- What excites you about your progress?
- Does your routine feel boring? If so, is there a way to make it more fun?
- Are you scared you won’t keep up your changes? If so, what might help you feel more confident?
- We all have our inner demons. Are they making you doubt yourself? If so, what are you doing to address underlying issues?
- Do you have external barriers in the way of your progress? (unhealthy relationships, obligations, no time, no support, etc.)
- Are you humble enough to ask for more help or guidance when you need it?
Fill in your life’s potholes.
There is a series of potholes that always stand between where we are and where we want to be. If you want solid, long term change you need to fill in those gaps. It helps to have proper guidance so you can learn your potholes, and how to fill them in.
The most common pitfall.
It’s common for changes to be “all or none” where we want to go straight to the end result. Most self help products prey on the fact that we all have a tendency to be impatient and shortcut our way to the end. At the same time, we all know that developing a reliable and healthy underlying process is the key to long term results.
Why don’t we all do things the right way?
Because it takes effort. More technically, it forces us to tolerate reaching our limit and feel a sense of difficulty or even failure. If you’re going to grow muscle, you simply have to do exercise that hits your limit or else your body has no reason to get stronger. It’s no different with any change. Do you wonder why people try to diet or workout for a few weeks and then fizzle? It’s because of this part of our human nature.
Anyone can apply the science of behavior change to increase their chance of progress.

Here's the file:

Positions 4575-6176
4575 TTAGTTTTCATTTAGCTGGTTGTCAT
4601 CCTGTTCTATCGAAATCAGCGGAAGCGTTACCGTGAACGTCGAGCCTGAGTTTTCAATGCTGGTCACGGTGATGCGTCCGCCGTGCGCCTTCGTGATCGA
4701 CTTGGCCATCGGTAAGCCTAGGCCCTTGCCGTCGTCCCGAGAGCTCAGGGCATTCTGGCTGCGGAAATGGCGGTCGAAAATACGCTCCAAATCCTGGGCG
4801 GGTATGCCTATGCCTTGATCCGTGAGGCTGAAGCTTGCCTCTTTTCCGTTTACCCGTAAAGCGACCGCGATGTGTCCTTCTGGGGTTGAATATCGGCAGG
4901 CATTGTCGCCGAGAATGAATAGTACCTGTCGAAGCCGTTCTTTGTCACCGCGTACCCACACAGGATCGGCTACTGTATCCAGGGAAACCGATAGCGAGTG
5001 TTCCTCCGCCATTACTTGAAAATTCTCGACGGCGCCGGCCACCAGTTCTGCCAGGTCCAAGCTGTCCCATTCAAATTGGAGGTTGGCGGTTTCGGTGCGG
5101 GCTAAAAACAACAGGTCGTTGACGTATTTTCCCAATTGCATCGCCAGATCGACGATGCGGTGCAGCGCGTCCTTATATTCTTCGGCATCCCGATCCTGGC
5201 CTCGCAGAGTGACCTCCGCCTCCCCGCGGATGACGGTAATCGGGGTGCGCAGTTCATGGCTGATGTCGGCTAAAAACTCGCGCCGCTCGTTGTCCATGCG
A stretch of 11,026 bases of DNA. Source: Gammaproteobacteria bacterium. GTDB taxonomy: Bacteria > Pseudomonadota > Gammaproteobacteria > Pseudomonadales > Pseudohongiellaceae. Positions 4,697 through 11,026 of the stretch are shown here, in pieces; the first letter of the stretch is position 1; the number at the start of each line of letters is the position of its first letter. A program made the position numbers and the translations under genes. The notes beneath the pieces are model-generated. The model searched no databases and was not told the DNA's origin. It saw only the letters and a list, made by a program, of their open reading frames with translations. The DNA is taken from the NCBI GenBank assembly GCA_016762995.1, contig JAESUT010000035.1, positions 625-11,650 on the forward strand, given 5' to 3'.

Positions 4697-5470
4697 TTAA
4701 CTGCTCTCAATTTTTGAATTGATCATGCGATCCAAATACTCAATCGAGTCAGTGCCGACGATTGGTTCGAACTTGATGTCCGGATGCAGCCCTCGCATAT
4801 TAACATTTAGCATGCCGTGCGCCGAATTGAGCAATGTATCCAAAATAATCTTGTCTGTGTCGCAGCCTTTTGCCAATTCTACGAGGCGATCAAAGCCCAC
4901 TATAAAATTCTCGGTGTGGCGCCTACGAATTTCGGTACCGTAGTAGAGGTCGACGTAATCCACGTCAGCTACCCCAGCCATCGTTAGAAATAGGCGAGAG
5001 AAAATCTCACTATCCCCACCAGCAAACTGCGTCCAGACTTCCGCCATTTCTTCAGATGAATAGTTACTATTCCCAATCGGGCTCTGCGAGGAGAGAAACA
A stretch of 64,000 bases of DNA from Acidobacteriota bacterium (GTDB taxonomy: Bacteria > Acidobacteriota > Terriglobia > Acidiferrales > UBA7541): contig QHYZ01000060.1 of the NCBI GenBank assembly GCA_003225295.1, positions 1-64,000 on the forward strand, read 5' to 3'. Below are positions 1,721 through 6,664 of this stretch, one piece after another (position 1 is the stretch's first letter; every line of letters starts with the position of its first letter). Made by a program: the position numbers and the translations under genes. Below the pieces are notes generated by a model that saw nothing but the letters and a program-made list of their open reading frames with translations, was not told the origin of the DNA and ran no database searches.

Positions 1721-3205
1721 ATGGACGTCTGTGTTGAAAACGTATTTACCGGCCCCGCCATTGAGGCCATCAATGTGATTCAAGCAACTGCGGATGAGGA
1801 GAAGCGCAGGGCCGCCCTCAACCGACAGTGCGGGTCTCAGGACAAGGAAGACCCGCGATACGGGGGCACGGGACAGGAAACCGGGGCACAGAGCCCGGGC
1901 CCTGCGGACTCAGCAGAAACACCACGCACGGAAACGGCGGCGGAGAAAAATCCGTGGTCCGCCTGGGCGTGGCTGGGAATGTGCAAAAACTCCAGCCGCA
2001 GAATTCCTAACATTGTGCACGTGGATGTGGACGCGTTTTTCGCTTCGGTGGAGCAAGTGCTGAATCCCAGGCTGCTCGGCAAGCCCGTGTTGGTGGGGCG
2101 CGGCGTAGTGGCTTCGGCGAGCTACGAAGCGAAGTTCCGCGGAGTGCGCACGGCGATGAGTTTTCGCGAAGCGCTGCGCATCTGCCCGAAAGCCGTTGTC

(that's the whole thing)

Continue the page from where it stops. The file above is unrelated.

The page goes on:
We’re all unique people in different situations, so we all work at different speeds and have different barriers. But you’d be surprised at what anyone is capable of with the right process. A journalist who set out to write about people with the best memories wound up winning the US Memory Championship after learning their techniques. He didn’t win because of natural talent, but because there is so much we are all capable of when we have a strategy based on research.
Stop waiting for miracles and start doing what real change takes.
I don’t speak to you as a cheerleader or motivational speaker. People like that help inspire us, but it doesn’t stick because the change isn’t coming from within. Instead, I speak to you as a physician putting actionable information together from 1,000’s of studies funded by over $100 million of our tax dollars to research behavior change.
You’ve already taken steps towards change if you're reading this right now. Change is not some far away thing. It’s about continuing to do what you’re already doing right now.
I designed Self Recovery as your guide to easily continue incremental steps that systematically fill in your potholes. It’s all science-based, easy to access with any device, and can be done on your own time.
If you are ready to take your next step towards change, click here.
Thanks for being interested in yourself,
Daniel Hochman, MD